This novel is a masterful portrait of individuals who find solace where they can, and who endure through personal disillusionment.
Ludmila Ulitskaya’s The Kukotsky Enigma is a generational saga and a defiant exploration of memory, medicine, ethics, mysticism, and love that tracks the fate of Pavel Alekseevich Kukotsky and his family, from the Stalinist era through to modern times.
Pavel is a gynecologist who witnesses the damage caused by illegal abortions. In his attempt to remedy the issue, he alienates his wife, Elena, and their household servant, Vasilisa, who find the idea immoral. After a horrific house call changes the family’s dynamics, Pavel descends into alcoholism, while his stepdaughter, Tanya, and the orphaned ward who shares their home, Toma, grow apart. When the lives of the Kukotsky clan intersect with the Goldbergs’, whose patriarch is a dissident geneticist, a tragic spiral is set in motion that pulls larger themes of destiny, birth, heredity, rebellion, and freedom together. Jagged, experimental turns—including diary entries from Elena, whose memory is failing, and one lengthy section set in a purgatorial desert—complicate the plot.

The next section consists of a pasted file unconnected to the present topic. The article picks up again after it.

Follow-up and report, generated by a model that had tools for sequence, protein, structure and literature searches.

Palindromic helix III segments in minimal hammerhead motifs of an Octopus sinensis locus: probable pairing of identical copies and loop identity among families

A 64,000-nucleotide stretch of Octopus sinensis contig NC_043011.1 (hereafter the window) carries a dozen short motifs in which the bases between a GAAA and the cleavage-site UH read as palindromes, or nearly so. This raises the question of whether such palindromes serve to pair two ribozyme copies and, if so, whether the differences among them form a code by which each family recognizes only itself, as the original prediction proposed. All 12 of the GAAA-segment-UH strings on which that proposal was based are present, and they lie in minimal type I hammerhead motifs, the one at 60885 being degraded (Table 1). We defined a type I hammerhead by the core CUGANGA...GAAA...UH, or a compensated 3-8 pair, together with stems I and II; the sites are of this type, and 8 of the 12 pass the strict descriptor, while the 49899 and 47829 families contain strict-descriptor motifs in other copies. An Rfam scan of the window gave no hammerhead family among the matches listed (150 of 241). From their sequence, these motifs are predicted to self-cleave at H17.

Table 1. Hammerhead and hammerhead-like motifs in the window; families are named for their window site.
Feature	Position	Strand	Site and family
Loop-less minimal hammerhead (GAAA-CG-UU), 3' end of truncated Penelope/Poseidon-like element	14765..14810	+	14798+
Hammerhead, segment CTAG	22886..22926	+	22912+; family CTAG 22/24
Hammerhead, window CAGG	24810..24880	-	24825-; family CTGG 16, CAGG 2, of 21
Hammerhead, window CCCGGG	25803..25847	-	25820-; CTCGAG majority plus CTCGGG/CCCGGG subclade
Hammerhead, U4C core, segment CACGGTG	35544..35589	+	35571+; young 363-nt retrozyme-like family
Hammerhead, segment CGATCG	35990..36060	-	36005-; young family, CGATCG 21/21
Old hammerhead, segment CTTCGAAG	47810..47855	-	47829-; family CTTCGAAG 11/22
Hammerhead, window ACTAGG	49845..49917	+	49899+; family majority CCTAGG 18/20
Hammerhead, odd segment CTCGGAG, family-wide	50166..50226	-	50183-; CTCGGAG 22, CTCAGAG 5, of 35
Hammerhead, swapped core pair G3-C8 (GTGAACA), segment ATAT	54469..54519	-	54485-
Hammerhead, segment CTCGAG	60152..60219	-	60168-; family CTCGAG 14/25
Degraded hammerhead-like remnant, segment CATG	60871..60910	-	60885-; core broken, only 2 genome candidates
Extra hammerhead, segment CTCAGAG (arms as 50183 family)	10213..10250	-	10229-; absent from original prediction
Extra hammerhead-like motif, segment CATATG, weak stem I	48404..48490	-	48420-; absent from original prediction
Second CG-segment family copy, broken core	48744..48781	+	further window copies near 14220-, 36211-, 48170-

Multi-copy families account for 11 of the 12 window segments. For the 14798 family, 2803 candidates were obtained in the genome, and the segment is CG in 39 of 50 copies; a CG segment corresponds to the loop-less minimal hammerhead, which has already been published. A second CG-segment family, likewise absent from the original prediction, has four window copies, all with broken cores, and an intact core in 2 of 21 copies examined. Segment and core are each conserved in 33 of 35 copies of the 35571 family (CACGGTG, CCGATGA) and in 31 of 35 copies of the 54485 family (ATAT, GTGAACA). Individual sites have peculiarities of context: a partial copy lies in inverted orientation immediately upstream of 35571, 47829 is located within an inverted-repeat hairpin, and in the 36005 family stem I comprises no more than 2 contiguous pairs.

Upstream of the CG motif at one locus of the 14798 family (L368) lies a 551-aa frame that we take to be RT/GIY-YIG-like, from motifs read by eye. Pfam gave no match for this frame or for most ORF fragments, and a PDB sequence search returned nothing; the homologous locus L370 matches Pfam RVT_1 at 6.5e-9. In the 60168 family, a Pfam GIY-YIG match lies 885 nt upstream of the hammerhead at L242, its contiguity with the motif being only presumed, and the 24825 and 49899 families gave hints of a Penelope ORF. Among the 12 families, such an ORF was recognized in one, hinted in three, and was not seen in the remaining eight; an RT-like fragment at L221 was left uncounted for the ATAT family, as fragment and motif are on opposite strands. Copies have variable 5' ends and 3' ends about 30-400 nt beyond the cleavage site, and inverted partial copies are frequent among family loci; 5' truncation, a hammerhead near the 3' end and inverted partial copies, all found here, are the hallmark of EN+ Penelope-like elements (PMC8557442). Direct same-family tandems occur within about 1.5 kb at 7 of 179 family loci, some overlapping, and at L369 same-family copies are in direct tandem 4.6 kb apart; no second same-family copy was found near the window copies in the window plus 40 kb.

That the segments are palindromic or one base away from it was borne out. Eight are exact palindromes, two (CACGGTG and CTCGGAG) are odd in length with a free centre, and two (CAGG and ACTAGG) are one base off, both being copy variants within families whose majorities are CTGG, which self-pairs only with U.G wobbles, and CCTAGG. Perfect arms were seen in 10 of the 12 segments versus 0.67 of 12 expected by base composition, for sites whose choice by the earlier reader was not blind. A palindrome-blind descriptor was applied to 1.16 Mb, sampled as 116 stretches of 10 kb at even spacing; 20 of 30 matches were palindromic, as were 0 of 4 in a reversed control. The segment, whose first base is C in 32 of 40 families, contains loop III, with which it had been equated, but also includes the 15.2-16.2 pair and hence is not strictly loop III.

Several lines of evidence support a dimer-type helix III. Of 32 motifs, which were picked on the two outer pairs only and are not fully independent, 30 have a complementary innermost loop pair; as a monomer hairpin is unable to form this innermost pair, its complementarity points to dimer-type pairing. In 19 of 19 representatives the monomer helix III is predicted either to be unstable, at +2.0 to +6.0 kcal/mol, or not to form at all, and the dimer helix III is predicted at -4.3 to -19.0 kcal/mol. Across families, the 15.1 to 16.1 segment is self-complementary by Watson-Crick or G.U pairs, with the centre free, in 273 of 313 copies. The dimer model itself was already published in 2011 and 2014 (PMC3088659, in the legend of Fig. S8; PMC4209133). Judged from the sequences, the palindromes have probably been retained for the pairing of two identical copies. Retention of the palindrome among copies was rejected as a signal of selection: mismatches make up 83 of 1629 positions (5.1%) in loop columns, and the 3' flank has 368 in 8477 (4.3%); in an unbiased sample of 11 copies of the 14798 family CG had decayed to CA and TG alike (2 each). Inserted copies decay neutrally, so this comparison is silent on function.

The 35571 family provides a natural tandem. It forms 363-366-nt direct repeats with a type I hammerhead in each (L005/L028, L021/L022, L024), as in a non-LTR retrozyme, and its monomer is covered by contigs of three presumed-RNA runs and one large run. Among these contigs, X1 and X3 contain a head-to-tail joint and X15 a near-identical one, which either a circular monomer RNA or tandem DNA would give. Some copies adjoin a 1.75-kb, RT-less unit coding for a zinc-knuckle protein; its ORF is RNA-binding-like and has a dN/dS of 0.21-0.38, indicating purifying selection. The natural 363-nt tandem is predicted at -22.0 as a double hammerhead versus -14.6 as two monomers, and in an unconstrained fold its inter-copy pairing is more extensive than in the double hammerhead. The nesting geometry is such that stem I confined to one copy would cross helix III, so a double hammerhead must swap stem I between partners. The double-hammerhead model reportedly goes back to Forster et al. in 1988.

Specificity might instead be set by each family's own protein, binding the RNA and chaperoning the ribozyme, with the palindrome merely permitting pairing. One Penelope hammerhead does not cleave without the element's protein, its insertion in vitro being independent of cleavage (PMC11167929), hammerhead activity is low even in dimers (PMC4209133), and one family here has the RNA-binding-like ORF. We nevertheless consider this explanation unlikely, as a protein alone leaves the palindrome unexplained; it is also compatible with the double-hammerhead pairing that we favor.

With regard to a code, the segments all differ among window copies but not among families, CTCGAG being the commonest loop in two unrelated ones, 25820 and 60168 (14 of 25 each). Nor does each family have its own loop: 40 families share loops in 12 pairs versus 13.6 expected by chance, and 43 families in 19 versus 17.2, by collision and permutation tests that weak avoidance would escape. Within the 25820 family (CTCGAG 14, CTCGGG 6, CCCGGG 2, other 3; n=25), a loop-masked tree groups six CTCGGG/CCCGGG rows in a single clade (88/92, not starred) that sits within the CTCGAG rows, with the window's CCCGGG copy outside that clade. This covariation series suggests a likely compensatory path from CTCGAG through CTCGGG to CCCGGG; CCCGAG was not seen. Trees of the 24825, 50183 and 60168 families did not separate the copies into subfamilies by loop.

Out of difficult material, smaller moments stand out: a single, misspoken retort in the heat of an argument sunders a marriage. Sisterhood is cemented during a fearful moment in a crowd. A love for botany awakens in a young woman whom no one expected much of, and a favored daughter veers from an intellectual life after a routine request at work alters her view of the sciences.
Ulitskaya exposes sudden shifts in relationships and fortunes without intense dramatic buildup, and without lengthy introspection afterward. This lean approach, which favors events over character, makes the work all the more revealing, as though the pressures of Soviet life can not permit the luxury of lingering. Men and women must simply continue to play the hands they’ve been dealt.
If there is a sense of inevitability in the novel, there is also hope. However flawed it is, love sustains Pavel and Elena through decades of silence. Even a vision of the afterlife contains redemptive features, as bodies are revived and remade. At its core, this novel is a masterful portrait of individuals who find solace where they can, and who endure through personal disillusionment with the strength that only the pragmatic can find.
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